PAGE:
I am considering the Klein Gordon Equation in a box with Dirichlet conditions (i.e., ##\hat{\phi}(x,t)|_{boundary} = 0 ##). 1-D functions that obey the Dirichlet condition on interval ##[0,L]## are of the form below (using the discrete Fourier sine transform)
$$f(x) = \sum_{n=1}^{\infty}f(n)\sqrt{\frac{2}{L}}\sin(\frac{n \pi}{L}x) \tag 1$$


I need to find a mode decomposition of ##\hat{\phi}(\overrightarrow{x},t)## in terms of ##\hat{\phi}(\overrightarrow{n},t)## and obtain the Klein Gordon equation
$$(\frac{\partial^2 }{\partial t^2} - \Delta + m^2)\hat{\phi}(\overrightarrow{x},t) =0$$
in terms of ##\hat{\phi}(\overrightarrow{n},t)##.

The Attempt at a Solution


I decided (and this is a guess) to write ##\hat{\phi}(\overrightarrow{x},t)## as

$$\hat{\phi}(\overrightarrow{x},t) = (\frac{2}{L})^{\frac{3}{2}}\sum_{n_1,n_2,n_3=1}^{\infty}\hat{\phi}(\overrightarrow{n},t)\sin(\frac{n_1 \pi}{L}x)\sin(\frac{n_2 \pi}{L}y)\sin(\frac{n_3 \pi}{L}z)\tag2$$
where ##\overrightarrow{n} = (n_1,n_2,n_3)##
and ##\overrightarrow{x} = (x,y,z)##

This obeys the Dirichlet boundary condition for a box of dimensions ##[0,L], [0,L], [0,L]##. However, I'm not sure if it encompasses all possible ##\hat{\phi}(\overrightarrow{x},t)## that obey the Dirichlet boundary condition. Is this correct?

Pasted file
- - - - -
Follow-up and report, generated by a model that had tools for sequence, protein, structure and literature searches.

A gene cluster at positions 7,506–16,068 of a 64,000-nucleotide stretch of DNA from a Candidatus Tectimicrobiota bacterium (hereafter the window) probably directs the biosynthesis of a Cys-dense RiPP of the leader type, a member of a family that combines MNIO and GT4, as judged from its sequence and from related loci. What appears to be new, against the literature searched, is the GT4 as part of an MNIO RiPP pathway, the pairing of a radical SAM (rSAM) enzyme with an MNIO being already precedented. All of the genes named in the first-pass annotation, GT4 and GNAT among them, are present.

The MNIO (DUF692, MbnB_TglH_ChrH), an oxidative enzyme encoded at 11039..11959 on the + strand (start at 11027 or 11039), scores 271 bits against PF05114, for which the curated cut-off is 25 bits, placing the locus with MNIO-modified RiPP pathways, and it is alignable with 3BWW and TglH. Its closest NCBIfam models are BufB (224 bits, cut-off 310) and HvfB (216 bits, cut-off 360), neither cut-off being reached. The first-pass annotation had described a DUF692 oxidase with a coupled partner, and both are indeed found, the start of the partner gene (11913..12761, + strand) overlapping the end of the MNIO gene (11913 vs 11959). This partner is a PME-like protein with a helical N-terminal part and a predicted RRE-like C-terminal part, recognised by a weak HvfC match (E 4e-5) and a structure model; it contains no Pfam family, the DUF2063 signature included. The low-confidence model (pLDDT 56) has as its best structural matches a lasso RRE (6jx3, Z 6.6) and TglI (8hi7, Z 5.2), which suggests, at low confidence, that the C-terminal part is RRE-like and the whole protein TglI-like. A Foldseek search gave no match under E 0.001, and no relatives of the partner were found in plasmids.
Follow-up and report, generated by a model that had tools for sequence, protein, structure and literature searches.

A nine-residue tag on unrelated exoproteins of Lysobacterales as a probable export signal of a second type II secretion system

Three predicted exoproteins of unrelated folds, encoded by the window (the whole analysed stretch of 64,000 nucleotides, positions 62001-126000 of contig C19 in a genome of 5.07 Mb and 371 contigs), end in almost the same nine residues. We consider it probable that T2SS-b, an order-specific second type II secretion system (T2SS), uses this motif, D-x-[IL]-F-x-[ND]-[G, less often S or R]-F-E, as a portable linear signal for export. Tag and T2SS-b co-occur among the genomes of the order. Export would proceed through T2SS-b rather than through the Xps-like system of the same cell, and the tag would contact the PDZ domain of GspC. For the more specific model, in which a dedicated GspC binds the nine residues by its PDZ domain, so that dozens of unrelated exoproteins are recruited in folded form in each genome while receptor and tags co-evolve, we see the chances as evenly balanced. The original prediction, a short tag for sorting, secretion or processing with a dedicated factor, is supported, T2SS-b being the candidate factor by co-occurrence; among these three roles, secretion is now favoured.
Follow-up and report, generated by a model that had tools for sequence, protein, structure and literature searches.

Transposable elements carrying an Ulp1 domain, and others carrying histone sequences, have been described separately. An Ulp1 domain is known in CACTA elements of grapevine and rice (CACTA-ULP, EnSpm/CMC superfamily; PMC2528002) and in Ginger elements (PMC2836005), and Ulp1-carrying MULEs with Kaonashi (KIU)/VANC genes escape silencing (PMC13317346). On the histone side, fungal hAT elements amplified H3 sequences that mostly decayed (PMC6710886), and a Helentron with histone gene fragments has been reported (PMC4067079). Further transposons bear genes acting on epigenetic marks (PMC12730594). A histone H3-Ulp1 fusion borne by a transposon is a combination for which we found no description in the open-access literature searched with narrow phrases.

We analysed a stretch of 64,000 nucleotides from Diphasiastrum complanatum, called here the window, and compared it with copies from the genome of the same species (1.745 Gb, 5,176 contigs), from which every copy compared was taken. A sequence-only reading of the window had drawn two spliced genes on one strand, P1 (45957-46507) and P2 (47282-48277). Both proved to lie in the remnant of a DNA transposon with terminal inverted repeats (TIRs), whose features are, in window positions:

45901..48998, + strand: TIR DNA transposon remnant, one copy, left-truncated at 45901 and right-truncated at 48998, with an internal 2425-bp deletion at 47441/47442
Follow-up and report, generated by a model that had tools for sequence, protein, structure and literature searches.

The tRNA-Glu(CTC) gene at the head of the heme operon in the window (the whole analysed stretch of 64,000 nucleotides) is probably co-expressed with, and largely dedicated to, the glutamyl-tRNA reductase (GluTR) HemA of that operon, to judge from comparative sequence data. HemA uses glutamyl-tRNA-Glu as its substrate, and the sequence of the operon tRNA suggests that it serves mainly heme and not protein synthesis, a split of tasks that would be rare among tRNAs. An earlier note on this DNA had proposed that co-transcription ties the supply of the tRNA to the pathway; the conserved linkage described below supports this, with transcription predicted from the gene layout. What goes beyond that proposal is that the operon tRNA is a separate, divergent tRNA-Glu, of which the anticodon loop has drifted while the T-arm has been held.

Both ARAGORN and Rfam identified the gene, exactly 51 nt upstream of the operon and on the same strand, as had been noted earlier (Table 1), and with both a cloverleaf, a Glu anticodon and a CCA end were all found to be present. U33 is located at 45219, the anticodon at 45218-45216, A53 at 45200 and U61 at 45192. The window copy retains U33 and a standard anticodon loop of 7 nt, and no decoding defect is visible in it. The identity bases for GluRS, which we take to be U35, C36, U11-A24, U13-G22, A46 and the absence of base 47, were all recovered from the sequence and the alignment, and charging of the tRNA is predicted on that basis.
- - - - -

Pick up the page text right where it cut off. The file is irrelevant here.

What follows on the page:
I stuck this into the Klein Gordon Equation:
$$(\frac{\partial^2 }{\partial t^2} - \Delta + m^2)\hat{\phi}(\overrightarrow{x},t) =0$$
where ##\Delta## is the Laplacian ##\frac{\partial^2 }{\partial x^2} + \frac{\partial^2 }{\partial y^2} + \frac{\partial^2 }{\partial z^2}##

and obtained
$$\sum_{n_1,n_2,n_3=1}^{\infty}\sin(\frac{n_1 \pi}{L}x)\sin(\frac{n_2 \pi}{L}y)\sin(\frac{n_3 \pi}{L}z)(\frac{\partial^2 }{\partial t^2} - \frac{n^2\pi^2}{L^2} + m^2)\hat{\phi}(\overrightarrow{n},t)=0\tag3$$
where ##n^2 = n_1^2 + n_2^2 + n_3^2##

It looks like this is the form for uncoupled harmonic oscillators of frequency ##\sqrt(m^2-\frac{n^2\pi^2}{L^2})##, uncoupled because the Laplacian ##\Delta## isn't present. But how do I go about reducing this to a Klein Gordon equation form without the ##\sum## and all the ##\sin## functions. If I can prove that every term in the summation in eqn. ##(3)## is equal to zero, I can argue that since the ##\sin## terms cannot be zero for all ##\overrightarrow{x}##, the Klein Gordon equation for uncoupled harmonic oscillators would follow. i.e.,
$$(\frac{\partial^2 }{\partial t^2} - \frac{n^2\pi^2}{L^2} + m^2)\hat{\phi}(\overrightarrow{n},t)=0\tag4$$
But how do I show that each of the terms in the summation must be equal to zero (if at all it is true)?
Your equation (3) must be valid for any choice of ##n_1,n_2## and ##n_3##, right? (with only condition that they are integers and that ##n^2=n_1^2 + n_2^2 +n_3^2##). Therefore pick ##n_1=1,n_2=n_3=0##, for example. This will prove that your equation 4 must be satisfied with ##n=1##. Then you can repeat the argument for any choice of ##n_1,n_2,n_3##, which proves that your equation 4 must be valid for any choice of ##n^2## given as the sum of the squares of three integers.